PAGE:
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The Milton Measure

President Obama’s Legacy: TBD

by Trevor Hopkins on Friday, April 24th, 2015

As President Barack Obama heads into the last year of his presidency, one wonders how he will be remembered and just what legacy he will leave. Most likely, Obama will be remembered for his past actions due to the Republican-dominated Congress preventing him from accomplishing much in the coming year. Obama can try to work around this major obstacle by utilizing his executive powers, but acting unilaterally will limit his chances to establish a new legacy for himself.

Opinions vary widely about whether Obama’s policies have had a positive or detrimental effect on our country. As one might suspect, these opinions divide quite cleanly across party lines. The Affordable Care Act (ACA), better known as ObamaCare, is probably the most controversial of Obama’s accomplishments. According to The Economist, the proportion of Americans without health insurance has fallen from 16.2% to 12.3% since 2009, and the growth in America’s healthcare spending is slowing. Whether health care reform is the primary facet of Obama’s lasting legacy will depend, in large part, on how much of the act remains intact after facing a myriad of legal and political challenges. Regardless of party affiliation, one can see that Obama accomplished something that no previous president has through his universal health care act. Harry Truman, John F. Kennedy, Lyndon Johnson, and Bill Clinton—each one a respected, well-liked President—all tried to set up government-run healthcare and failed. Only Barack Obama, with a Gallup presidential approval rating of 47%, was able to create a solid foundation for universal healthcare. Whether or not you agree with the act itself, you must admit it is an impressive feat.

Another accomplishment for which Obama will be remembered is his competent handling of the 2008 recession that he faced at the start of his presidency. Here again, Obama’s actions during this time were extremely controversial, but few dispute that his $900 billion bailout package along with other economic measures coaxed the economy into a steady recovery, according to NPR. The same article states, “the consensus of economists…is that the stimulus was the difference between a painfully slow recovery and Great Depression II, the sequel.”

Of course there will always be naysayers who believe that the bailout was ineffectual and too heavy-handed, but Obama’s recession recovery strategy, his first major decision as President, is one history will remember.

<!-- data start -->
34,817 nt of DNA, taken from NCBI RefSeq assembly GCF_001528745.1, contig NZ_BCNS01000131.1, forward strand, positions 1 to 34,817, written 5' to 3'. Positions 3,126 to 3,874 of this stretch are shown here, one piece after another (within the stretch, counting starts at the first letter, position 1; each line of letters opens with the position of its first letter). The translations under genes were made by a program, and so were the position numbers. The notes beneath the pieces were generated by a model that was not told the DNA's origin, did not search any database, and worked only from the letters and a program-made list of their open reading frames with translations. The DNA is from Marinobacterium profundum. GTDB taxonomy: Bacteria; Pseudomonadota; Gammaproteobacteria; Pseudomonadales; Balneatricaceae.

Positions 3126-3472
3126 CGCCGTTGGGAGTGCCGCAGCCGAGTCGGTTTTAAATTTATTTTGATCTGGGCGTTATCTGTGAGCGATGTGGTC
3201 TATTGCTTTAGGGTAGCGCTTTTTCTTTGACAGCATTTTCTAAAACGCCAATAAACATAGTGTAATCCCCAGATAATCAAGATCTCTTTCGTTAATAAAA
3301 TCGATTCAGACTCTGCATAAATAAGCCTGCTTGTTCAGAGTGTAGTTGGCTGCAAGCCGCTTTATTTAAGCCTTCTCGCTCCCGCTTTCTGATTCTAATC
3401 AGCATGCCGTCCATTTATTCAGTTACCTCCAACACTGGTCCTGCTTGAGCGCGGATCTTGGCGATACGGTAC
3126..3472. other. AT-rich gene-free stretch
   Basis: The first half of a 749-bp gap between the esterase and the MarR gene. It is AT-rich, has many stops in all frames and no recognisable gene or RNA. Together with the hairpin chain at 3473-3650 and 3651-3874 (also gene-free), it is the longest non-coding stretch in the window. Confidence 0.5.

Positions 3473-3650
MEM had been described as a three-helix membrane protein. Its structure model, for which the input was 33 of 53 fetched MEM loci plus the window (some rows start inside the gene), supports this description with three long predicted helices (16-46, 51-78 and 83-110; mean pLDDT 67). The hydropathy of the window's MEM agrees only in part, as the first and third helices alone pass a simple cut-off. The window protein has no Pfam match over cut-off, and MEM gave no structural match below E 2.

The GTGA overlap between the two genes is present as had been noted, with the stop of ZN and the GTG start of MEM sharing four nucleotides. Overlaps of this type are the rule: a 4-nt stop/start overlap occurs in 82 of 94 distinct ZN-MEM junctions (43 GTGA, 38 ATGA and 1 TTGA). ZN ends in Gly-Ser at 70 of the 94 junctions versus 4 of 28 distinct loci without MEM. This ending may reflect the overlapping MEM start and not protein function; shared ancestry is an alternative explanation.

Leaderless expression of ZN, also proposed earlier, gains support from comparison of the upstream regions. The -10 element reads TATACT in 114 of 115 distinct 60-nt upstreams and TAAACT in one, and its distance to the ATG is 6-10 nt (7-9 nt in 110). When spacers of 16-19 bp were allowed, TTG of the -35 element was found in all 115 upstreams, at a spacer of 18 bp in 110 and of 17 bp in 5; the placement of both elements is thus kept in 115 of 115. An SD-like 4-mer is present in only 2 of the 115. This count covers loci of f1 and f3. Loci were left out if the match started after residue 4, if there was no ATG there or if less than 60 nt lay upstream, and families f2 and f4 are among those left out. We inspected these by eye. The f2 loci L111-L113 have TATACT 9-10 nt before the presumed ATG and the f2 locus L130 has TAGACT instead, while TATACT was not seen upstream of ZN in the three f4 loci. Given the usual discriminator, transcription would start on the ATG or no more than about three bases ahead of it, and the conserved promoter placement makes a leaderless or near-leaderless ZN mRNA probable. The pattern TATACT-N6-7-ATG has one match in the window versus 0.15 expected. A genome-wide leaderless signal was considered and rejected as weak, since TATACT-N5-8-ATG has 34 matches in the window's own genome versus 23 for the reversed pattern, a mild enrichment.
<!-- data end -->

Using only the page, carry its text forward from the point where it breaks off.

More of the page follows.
Obama’s legacy with regard to foreign policy is less straightforward; in fact, Gallup polls show that popular approval of his foreign policy has decreased significantly from the first year of his presidency. Foreign policy expert Aaron David Miller commented on NPR that Obama has had “no spectacular successes, save killing Osama Bin Laden.” With only one year left in his presidency, Obama can still meaningfully impact the country’s foreign policy success. How Obama handles the rise of ISIS, nuclear talks with Iran, and restoring diplomatic relations with Cuba are areas of opportunity where he can change his foreign policy legacy. However, Obama needs to act soon if he is going to leave a substantial impact.

While the amount of American progress during Barack Obama’s presidency has been highly debated, it cannot be said that Obama has been totally ineffective or that he accomplished nothing. Whether it was our failing economy or the widespread lack of healthcare coverage, Obama tackled the tough issues that faced our nation. While debate will rage as to whether Obama will be remembered as a good or bad president, he certainly cannot be remembered as a lazy one.

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Posted by Trevor Hopkins on Apr 24 2015. Filed under Opinion, Recent Opinion. You can follow any responses to this entry through the RSS 2.0. You can leave a response or trackback to this entry

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